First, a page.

Be Healthy – Introduction

Inequalities in health outcomes between the most affluent and disadvantaged members of society are longstanding, deep-seated and have proved difficult to change. In the early 2000s, in England, people living in the poorest neighbourhoods, could on average expect to die seven years earlier than people living in the richest neighbourhoods and spend far more of their lives with ill health[1]. Evidence that this disparity is seen as of great importance can be seen in the existence of strategies at both national and local level to address the problem.

Table1: Ranking of Bristol SOAs by health and disability component

Number of Bristol SOAs ranked in top 20% 7 6.7%
Number of Bristol SOAs ranked in second 20% 45 17.9%
Number of Bristol SOAs ranked in third 20% 56 22.2%
Number of Bristol SOAs ranked in fourth 20% 55 21.8%
Number of Bristol SOAs ranked in bottom 20% 79 31.3%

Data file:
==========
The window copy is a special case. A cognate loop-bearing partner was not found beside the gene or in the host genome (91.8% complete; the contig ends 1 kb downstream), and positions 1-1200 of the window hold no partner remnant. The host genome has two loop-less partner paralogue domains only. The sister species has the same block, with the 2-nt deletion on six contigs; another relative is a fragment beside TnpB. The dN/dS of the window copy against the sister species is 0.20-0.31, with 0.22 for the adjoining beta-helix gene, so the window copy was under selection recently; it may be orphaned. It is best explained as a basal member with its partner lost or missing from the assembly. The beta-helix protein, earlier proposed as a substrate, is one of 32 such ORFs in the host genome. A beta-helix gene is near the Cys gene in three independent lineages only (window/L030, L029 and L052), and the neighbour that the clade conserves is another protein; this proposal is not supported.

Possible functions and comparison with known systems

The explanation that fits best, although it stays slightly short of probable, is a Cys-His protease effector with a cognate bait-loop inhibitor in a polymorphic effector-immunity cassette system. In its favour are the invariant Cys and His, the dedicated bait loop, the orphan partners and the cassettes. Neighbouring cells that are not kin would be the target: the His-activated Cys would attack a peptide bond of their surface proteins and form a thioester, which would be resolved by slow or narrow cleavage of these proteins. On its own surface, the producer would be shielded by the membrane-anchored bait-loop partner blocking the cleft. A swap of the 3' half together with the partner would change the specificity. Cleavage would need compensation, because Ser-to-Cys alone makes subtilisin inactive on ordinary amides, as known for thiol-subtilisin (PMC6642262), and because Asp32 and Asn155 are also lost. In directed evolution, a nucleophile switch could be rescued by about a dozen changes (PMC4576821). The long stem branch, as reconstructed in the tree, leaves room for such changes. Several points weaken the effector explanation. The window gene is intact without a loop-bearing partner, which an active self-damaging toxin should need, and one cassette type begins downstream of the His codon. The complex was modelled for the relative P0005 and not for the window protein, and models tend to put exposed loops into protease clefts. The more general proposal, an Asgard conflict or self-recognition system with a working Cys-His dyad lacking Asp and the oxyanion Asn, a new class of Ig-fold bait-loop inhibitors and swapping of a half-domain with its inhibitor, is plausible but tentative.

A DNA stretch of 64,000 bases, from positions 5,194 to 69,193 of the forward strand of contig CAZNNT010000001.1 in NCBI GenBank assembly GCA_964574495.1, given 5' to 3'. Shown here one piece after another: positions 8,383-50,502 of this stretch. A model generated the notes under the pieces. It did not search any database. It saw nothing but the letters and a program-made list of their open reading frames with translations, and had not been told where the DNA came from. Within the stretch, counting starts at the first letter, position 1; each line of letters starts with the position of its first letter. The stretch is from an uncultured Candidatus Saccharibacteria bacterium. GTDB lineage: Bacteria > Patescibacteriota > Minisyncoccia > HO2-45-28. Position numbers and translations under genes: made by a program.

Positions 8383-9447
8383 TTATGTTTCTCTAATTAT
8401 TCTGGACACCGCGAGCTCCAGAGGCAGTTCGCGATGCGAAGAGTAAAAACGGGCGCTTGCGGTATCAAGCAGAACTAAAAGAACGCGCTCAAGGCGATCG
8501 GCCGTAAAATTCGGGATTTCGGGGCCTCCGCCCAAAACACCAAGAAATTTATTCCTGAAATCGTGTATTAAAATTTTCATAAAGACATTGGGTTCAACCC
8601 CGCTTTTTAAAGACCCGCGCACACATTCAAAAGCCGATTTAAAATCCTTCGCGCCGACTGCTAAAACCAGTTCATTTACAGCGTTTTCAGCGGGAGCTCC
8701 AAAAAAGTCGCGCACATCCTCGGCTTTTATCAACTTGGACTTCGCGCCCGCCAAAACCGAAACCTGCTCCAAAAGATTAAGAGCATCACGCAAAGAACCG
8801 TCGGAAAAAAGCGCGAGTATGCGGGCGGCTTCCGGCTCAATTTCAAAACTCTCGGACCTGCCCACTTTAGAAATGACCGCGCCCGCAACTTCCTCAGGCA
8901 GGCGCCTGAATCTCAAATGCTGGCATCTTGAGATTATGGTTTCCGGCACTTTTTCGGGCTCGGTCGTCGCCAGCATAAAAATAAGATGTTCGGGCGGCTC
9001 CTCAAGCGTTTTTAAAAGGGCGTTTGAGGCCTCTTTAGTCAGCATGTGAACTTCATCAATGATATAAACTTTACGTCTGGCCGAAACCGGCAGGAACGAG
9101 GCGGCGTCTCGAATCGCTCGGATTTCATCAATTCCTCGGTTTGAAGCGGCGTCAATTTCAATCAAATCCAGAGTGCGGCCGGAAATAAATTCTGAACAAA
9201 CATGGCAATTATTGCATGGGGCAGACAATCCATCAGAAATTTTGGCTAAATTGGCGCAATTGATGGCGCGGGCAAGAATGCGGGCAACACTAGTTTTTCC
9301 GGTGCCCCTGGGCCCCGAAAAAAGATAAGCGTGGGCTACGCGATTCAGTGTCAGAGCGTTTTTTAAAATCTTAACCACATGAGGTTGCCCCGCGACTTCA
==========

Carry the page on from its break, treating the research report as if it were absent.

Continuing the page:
Source: Communities and Local Government, Child Well-being Index, 2009

The table above is based on the Health and Disability domain component of the Child Well-Being Index and clearly demonstrates the gulf between parts of the city: almost a third of the city lies in the bottom 20% of England’s least healthy areas. The next map is an even better demonstration of this inequality:

Figure 1: Map of Index of Child Well-Being (Health Deprivation and Disability)

Source: Association of Public Health Observatories

Within the Be Healthy strand of the Every Child Matters agenda are five specific aims, namely, children and young people should

  • be physically healthy
  • be mentally and emotionally healthy
  • be sexually healthy
  • lead healthy lifestyles
  • choose not to take illegal drugs

This chapter of the Needs Assessment will examine each of these five aims in turn, which, when taken together, constitute the overall health of children and young people in Bristol.

Back to Be Healthy page.

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